Gaining someone's trust is hard, especially when that someone is your employee. And yet, it's crucial as the leader of your company that you earn the trust of every single person on your payroll. After all, employee trust levels towards their boss have always been linked with employee satisfaction and productivity levels.

So how exactly do you go about bridging the employee-employer divide in order to truly earn your employees' trust? Well, here's what has worked for me.

1. Spend more one-on-one time.

Obviously there'll be a disconnect between you and your coworkers if the only time you ever talk to them is when you're running a company meeting or addressing them in a group setting. I get that if you're the head of your company, you probably don't have a lot of time to spare. But even a few minutes of one-on-one time with each of your employees can go a long way towards strengthening your relationship with them. In fact, knowing that you took time out of your busy schedule in the first place to meet with them will make the act all the more appreciated by your employees.

2. Conduct entry interviews.

Building trust with your employees can begin before they even show up for their first day of work. If you don't already know, entry interviews are aimed at newly hired employees. The purpose of these interviews is to acclimate and inform new hires of what to expect for their first couple weeks on the job. It also gives the new hires a chance to voice any concerns they may be having as well as to talk about their career goals. The result? Your new hires see that you're serious about their careers and that you have their best interests at heart.

3. Ask for their input.

Maybe you never realized this, but it's an awesome feeling for employees when their boss genuinely asks them for their input on big picture matters. It empowers them and makes employees feel like they're truly an integral part of the organization and team. In fact, asking for employee input is a win-win situation. Not only do you gain the trust of your employees, you also get to hear some potentially super helpful suggestions from your team.

4. Become more transparent.

Honesty is the best policy, and so is transparency. Far too often, employers mistakenly think it's in their company's best interest to keep things on a need-to-know basis. They'll tell their employees to do this and that without ever explaining what role these tasks play in the grand scheme of things. Employee salary figures and company profits are also information companies tend to keep confidential, and while there are, of course, reasons for such secrecy, oftentimes this can do more harm than good.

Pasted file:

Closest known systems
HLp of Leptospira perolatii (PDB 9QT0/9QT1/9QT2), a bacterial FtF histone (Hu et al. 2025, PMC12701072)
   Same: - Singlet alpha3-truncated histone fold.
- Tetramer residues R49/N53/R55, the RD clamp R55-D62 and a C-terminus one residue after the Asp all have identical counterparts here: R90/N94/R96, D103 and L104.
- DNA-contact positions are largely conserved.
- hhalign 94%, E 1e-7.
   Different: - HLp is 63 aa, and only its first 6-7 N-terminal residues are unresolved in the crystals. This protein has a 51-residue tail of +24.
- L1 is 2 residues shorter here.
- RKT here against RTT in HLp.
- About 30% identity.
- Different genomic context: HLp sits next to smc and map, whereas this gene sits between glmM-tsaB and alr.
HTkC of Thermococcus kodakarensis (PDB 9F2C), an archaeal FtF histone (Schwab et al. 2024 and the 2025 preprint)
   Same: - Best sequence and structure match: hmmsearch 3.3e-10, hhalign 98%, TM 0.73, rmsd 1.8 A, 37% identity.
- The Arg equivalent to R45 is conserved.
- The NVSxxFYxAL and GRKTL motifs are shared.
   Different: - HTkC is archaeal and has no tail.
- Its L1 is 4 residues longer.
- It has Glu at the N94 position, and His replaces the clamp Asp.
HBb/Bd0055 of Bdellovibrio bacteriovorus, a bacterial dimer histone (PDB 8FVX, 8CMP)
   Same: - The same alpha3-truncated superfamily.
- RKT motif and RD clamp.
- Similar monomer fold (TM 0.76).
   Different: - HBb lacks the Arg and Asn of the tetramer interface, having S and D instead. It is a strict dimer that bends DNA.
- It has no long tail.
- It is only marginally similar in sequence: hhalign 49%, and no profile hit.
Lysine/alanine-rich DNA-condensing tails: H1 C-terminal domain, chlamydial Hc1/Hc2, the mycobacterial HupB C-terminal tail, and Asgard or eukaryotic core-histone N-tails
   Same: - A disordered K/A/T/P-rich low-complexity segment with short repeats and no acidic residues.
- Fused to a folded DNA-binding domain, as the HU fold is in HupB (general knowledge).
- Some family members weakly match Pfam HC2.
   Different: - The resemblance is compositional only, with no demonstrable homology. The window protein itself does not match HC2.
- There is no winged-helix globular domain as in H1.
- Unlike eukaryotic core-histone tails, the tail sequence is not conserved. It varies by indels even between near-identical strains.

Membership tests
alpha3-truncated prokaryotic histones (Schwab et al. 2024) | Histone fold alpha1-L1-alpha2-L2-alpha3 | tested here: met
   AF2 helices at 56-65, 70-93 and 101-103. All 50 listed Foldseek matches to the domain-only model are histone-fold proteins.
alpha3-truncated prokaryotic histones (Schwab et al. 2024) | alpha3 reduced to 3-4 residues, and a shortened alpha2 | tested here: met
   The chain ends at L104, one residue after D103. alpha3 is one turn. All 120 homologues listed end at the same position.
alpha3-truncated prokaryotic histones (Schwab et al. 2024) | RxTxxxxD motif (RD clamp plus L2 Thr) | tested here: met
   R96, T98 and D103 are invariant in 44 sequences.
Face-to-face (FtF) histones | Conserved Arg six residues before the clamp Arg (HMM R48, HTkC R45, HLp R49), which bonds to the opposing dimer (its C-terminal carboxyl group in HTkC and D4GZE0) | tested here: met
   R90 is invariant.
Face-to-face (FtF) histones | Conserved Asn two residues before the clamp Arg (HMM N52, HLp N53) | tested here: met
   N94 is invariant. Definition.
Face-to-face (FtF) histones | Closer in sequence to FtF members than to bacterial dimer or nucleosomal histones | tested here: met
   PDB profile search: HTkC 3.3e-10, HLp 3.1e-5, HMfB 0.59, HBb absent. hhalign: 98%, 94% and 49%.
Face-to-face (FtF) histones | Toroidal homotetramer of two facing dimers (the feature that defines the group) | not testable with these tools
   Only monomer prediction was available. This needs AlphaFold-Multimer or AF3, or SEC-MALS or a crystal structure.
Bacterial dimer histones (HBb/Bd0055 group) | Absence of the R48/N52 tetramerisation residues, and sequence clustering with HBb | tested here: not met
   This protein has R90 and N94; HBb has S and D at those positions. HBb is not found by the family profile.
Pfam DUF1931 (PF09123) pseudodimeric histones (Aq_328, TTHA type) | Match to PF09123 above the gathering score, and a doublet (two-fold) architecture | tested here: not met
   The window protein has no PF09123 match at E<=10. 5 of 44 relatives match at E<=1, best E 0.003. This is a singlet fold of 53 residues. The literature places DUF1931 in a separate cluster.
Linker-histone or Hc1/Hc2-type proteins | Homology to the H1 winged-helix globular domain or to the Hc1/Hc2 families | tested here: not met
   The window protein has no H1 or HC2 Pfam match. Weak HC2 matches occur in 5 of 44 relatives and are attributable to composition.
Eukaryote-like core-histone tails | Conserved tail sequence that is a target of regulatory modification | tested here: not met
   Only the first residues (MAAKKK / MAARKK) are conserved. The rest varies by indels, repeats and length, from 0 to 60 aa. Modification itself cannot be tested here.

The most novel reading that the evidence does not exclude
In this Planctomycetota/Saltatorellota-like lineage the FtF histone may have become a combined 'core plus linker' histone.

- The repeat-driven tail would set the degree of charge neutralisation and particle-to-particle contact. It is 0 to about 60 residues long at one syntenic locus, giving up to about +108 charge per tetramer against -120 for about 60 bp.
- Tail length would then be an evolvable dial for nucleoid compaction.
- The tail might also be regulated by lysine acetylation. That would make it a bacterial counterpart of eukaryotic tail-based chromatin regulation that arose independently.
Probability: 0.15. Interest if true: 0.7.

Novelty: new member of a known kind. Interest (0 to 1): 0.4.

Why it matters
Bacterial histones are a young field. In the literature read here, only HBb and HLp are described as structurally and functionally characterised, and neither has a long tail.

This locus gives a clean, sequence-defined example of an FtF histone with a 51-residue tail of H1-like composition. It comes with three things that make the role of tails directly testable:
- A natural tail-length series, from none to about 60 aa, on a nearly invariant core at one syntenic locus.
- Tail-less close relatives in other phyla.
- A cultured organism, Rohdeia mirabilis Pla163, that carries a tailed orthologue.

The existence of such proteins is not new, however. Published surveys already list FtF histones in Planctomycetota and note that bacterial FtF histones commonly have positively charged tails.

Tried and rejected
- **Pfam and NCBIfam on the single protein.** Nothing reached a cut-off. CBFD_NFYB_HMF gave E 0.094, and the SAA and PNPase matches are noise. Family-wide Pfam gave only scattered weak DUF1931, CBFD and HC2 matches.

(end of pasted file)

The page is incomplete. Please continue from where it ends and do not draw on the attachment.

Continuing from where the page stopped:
5. Give them more autonomy over their jobs.

Some employers like to babysit their employees through every aspect of their work. Employees have zero room for creativity and close to no decision-making power. As a consequence, employees feel belittled and devalued, which is obviously not what you want if you're looking to earn their trust.

Remember, you hired the employees you have because you believed they would excel at their jobs. If you have trust in your own hiring decisions, it stands to reason that you should trust your employees to make their own decisions and produce high-quality work without needing your stamp of approval every step of the way. By trusting your employees, your employees will naturally begin to trust you back.

6. Socialize with them outside of work.

You must be thinking I'm crazy to suggest this. A boss hanging out with their employees after work? That's absurd! The funny thing is, this might just be the most effective trust building recommendation yet. While you might be someone who religiously believes that work life must be separated from personal life, spending time with your employees during after-hours, whether it's having dinner together or simply chatting, can go a long way. In fact, coworkers hang out with one another after work all the time. It's a major reason why employees are far more likely to trust their fellow coworkers than their boss to begin with.

Published on: Jul 27, 2018
The opinions expressed here by Inc.com columnists are their own, not those of Inc.com.